4 out of 5
The descriptive notes in the indicia for Bughouse list, first: music, jazz, and music history. The dedication from writer / artist Steve Lafler reads as follows: “for the aspiring cartoonists of the world… pay yourself in ample time to work your magic.”
For most indie cartoonists working in the slice-of-life style Lafler does, Bughouse’s story of sax player Jimmy’s attempts to start a jazz band and his addition to “bug juice” – the characters in Bughouse are all anthropomorphic insects – would likely put a lot of weight on that addiction. The story would be structured around going off the deep end into drugs, sacrificing success to it, until – in a world of happy endings, at least – coming out the other end.
Lots of Lafler strips have drugs and drink in them, and they’re often portrayed with a seemingly light hand – people freak out, and have fun. But that’s a bit misleading; this is part of the secret sauce that has made Lafler’s work magical indeed: beneath the free-wheeling veneer (or Dog Boy’s anarchy), real things are going on. The surface silliness of bugs and dogs and casual superheroes is lain atop the “reality” of what’s occurring, and the heavy thoughts that come along with that. Characters will often have revelatory flashes during a trip – Jimmy gets to step outside of himself, here, and contemplate the cyclical nature of life – and probably some mind-altering things have been employed in Lafler’s time, so this mix of offhand comedy and serious undertones are not employed for moralizing, rather, it all goes into a pot of a unique brew that just wants to make it clear that all of these things can happen, and they can be funny, or sad, or tragic. The interpretation of that – what you do with your life – is up to you.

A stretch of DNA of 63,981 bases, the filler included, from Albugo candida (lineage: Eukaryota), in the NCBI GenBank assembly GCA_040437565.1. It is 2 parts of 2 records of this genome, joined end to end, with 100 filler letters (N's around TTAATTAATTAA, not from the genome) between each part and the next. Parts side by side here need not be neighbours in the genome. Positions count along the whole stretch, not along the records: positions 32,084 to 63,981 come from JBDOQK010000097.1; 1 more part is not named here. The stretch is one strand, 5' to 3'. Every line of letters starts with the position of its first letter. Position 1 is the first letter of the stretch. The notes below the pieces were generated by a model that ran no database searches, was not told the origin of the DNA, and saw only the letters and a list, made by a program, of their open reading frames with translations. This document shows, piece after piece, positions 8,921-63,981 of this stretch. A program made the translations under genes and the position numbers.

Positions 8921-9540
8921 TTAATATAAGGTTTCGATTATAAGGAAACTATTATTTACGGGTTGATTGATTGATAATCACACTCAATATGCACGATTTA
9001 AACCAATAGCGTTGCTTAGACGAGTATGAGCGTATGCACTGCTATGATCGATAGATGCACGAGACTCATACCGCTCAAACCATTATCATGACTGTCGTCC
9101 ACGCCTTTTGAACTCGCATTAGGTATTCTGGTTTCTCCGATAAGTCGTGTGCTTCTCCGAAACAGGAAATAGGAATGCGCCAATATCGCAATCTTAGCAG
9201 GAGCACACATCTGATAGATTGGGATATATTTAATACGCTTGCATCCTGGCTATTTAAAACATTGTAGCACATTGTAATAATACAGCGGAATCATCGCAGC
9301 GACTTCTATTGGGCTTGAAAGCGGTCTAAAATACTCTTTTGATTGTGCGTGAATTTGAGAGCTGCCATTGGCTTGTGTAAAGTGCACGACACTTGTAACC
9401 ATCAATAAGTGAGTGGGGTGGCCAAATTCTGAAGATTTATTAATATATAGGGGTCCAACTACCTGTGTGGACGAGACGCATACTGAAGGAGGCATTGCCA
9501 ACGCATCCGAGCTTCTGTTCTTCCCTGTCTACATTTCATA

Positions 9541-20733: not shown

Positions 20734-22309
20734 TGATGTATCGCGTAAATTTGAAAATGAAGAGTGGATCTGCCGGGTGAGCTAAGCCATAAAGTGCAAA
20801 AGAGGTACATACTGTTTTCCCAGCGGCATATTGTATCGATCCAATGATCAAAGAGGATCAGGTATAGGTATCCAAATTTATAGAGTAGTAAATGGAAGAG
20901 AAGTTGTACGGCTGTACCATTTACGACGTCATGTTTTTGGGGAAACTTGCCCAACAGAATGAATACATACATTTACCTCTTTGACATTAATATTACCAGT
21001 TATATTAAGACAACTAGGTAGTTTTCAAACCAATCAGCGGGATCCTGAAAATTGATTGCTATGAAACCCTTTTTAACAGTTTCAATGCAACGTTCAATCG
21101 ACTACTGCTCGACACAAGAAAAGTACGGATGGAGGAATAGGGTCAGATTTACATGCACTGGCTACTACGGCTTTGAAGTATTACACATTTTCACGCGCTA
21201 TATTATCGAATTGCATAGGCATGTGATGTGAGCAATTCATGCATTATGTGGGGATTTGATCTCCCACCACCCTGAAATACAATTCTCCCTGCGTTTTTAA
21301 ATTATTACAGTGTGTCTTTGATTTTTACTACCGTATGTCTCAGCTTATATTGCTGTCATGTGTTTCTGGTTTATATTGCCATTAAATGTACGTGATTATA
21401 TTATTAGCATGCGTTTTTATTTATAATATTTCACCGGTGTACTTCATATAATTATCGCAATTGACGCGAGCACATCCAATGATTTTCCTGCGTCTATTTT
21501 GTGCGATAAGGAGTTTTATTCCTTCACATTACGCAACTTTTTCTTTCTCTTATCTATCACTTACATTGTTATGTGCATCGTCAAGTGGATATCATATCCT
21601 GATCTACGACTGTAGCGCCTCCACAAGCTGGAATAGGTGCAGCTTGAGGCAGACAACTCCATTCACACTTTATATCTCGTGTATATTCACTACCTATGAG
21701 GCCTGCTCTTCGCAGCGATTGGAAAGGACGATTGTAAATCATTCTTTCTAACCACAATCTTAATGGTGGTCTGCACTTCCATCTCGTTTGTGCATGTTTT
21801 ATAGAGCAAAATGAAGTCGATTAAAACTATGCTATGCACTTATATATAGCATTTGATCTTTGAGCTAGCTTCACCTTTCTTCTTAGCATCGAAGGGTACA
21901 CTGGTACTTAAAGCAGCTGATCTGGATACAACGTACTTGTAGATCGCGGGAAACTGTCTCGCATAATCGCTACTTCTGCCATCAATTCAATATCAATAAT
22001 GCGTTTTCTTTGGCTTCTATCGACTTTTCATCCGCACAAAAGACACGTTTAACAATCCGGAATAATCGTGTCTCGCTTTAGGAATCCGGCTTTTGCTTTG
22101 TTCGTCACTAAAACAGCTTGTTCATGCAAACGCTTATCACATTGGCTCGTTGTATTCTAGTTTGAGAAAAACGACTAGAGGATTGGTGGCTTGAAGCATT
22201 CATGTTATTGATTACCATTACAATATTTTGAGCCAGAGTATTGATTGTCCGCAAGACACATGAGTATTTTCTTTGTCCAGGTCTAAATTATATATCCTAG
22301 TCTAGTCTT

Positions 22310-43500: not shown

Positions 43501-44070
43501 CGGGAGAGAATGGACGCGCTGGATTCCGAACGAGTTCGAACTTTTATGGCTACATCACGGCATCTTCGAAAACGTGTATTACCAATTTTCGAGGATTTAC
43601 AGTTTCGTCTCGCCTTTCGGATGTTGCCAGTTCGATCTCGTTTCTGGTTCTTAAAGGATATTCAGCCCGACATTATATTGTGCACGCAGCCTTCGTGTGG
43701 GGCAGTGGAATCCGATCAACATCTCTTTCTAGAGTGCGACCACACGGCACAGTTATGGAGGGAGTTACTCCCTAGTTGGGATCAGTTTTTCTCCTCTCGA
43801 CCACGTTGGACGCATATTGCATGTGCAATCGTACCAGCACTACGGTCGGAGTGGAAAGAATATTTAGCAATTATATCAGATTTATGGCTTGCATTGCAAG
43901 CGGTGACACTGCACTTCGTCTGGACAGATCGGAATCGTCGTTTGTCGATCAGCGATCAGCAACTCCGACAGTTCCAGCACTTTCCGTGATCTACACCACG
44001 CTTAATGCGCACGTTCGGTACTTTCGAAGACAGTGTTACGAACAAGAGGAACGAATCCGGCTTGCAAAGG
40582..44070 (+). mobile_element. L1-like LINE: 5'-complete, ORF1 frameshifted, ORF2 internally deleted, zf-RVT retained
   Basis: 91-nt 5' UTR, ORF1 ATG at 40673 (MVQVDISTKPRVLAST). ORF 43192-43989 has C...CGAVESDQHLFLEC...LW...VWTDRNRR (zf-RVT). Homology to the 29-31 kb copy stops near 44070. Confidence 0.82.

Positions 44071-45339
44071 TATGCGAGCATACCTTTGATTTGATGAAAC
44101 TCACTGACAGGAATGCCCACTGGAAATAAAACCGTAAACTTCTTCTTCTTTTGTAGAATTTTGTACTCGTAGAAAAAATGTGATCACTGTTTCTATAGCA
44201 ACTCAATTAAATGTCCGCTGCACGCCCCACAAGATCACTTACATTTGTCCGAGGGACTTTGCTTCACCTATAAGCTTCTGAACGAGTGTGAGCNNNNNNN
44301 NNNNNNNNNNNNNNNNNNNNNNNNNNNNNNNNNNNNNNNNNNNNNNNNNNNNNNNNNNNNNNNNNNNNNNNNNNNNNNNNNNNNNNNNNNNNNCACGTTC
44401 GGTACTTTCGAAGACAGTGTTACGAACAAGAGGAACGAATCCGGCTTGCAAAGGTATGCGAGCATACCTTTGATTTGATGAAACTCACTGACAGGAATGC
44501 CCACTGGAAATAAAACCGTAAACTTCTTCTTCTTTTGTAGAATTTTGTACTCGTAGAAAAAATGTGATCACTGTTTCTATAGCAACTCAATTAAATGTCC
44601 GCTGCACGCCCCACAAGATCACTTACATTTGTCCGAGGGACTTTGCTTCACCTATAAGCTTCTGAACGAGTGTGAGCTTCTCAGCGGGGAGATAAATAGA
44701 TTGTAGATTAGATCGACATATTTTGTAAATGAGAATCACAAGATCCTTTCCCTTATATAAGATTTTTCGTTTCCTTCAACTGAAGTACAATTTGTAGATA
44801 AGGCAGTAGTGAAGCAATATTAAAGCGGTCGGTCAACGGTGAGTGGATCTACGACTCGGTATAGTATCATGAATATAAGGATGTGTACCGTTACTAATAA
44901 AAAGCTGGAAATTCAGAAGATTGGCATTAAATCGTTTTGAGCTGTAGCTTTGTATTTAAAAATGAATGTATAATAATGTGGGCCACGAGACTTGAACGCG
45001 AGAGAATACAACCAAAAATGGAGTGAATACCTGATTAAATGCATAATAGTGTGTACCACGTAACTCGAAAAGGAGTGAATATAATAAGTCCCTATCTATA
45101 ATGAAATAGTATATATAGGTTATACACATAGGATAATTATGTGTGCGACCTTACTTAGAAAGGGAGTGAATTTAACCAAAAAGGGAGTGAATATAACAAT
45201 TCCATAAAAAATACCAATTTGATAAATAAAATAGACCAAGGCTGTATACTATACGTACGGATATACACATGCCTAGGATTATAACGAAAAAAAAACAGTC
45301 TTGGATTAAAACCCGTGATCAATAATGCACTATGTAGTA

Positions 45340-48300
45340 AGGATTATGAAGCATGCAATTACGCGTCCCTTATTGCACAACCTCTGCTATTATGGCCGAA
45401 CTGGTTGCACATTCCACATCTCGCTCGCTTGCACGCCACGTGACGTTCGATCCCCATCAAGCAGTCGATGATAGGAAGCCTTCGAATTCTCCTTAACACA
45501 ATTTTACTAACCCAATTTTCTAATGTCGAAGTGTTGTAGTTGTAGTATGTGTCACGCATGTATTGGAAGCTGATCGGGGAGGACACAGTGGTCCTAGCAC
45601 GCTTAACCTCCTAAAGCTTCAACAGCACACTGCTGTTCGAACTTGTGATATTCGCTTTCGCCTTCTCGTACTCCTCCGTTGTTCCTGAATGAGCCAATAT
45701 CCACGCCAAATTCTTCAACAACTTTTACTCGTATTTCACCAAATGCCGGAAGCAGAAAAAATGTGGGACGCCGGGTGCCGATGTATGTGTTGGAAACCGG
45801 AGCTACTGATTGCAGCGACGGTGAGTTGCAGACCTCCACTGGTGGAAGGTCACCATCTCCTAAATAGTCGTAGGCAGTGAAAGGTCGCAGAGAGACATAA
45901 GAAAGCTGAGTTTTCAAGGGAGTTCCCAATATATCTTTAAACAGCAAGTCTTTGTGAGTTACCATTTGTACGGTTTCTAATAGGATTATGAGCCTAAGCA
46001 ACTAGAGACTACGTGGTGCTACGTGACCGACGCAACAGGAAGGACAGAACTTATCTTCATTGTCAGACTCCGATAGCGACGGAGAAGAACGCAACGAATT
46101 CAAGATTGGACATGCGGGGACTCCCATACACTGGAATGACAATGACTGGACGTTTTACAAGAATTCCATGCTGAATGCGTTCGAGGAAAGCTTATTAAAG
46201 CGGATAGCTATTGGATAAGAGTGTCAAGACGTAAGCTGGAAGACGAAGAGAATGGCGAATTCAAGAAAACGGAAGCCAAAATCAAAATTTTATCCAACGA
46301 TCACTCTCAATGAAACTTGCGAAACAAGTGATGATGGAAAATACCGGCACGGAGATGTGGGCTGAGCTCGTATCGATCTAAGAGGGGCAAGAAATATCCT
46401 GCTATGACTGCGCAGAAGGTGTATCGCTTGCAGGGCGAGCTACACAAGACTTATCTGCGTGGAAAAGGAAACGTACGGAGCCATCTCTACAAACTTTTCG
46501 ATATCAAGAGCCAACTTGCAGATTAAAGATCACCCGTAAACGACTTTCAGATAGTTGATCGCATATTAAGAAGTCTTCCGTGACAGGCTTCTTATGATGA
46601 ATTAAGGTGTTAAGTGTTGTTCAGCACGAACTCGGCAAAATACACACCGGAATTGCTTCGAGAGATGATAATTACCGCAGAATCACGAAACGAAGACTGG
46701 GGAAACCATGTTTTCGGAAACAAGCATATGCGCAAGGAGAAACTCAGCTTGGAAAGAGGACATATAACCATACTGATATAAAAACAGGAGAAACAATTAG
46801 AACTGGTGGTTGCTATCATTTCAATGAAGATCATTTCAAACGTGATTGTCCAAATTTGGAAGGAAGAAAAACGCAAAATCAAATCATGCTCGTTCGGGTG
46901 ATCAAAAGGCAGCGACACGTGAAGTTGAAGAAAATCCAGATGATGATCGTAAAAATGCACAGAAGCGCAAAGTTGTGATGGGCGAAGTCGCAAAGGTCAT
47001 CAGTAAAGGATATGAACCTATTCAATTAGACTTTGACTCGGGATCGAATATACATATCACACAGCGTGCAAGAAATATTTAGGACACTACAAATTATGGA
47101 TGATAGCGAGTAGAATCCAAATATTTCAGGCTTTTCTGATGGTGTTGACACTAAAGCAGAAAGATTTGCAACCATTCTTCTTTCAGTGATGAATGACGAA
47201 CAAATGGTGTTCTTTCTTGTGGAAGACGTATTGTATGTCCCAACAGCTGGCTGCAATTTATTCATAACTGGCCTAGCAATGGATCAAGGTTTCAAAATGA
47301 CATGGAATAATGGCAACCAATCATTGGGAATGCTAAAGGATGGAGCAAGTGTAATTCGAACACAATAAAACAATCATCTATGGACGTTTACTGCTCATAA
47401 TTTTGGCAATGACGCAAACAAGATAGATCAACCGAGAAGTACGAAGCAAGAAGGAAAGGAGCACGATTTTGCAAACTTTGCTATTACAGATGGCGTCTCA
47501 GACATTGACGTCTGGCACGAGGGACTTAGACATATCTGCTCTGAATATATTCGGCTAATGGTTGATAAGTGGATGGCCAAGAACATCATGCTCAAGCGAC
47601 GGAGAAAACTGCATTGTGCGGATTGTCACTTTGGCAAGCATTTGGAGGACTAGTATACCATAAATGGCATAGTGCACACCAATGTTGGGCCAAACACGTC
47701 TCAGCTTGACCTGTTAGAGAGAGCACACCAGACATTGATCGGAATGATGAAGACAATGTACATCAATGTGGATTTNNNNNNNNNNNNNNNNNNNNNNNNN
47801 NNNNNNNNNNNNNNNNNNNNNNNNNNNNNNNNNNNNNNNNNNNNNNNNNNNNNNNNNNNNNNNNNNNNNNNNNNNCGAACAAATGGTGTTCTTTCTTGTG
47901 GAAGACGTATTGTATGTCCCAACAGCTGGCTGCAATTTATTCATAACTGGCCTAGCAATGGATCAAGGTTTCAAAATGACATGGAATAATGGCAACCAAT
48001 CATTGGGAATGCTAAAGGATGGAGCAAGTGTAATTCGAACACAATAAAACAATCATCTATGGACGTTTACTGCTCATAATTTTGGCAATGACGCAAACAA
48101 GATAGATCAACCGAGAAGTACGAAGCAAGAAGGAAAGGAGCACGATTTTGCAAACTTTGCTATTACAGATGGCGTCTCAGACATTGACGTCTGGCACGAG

So Jimmy is rather haunted by his addiction to bug juice, but also gets free. His friend Slim may not have been so lucky, but the book opens up with Jimmy and one of his bandmates having a laugh over the matter, though not exactly at Slim’s expense. And then we flash back to see how the band and the drug use began, to give that laughter its context. At book’s end, when discussing where the band – and Jimmy – will go next, the final line is “time will tell.” In ultimate Lafler cleverness, we’ve actually already had a peak at that with a flash-forward, but the line still feels true, like all is in flux, and Jimmy has to keep working to live his life.
In the 200ish pages between, it’s all very casual, despite dealing with cops and mobsters, addicts, relationship drama. It’s not exactly laugh out loud, but mirthful – constantly maintaining that slightly parodic edge that’s really only possible when you bump our world into the next one over, where you’re cast as cockroaches and crickets and whatnot.
Lafler’s flow is very loose, which is to the ultimate benefit of the story, but can also make for some cluttered panels – he uses arrows a lot to guide us around the page – and time jumps that maybe skip out on story beats that could’ve been pretty interesting to step through, all also make the changes we witness after those jumps lack some impact. However, it also adds to the very fleeting nature of things which is part of the book’s theme; a reminder that our lives are maybe not overly dramaticized stories about drugs and life lessons, but just moments in history.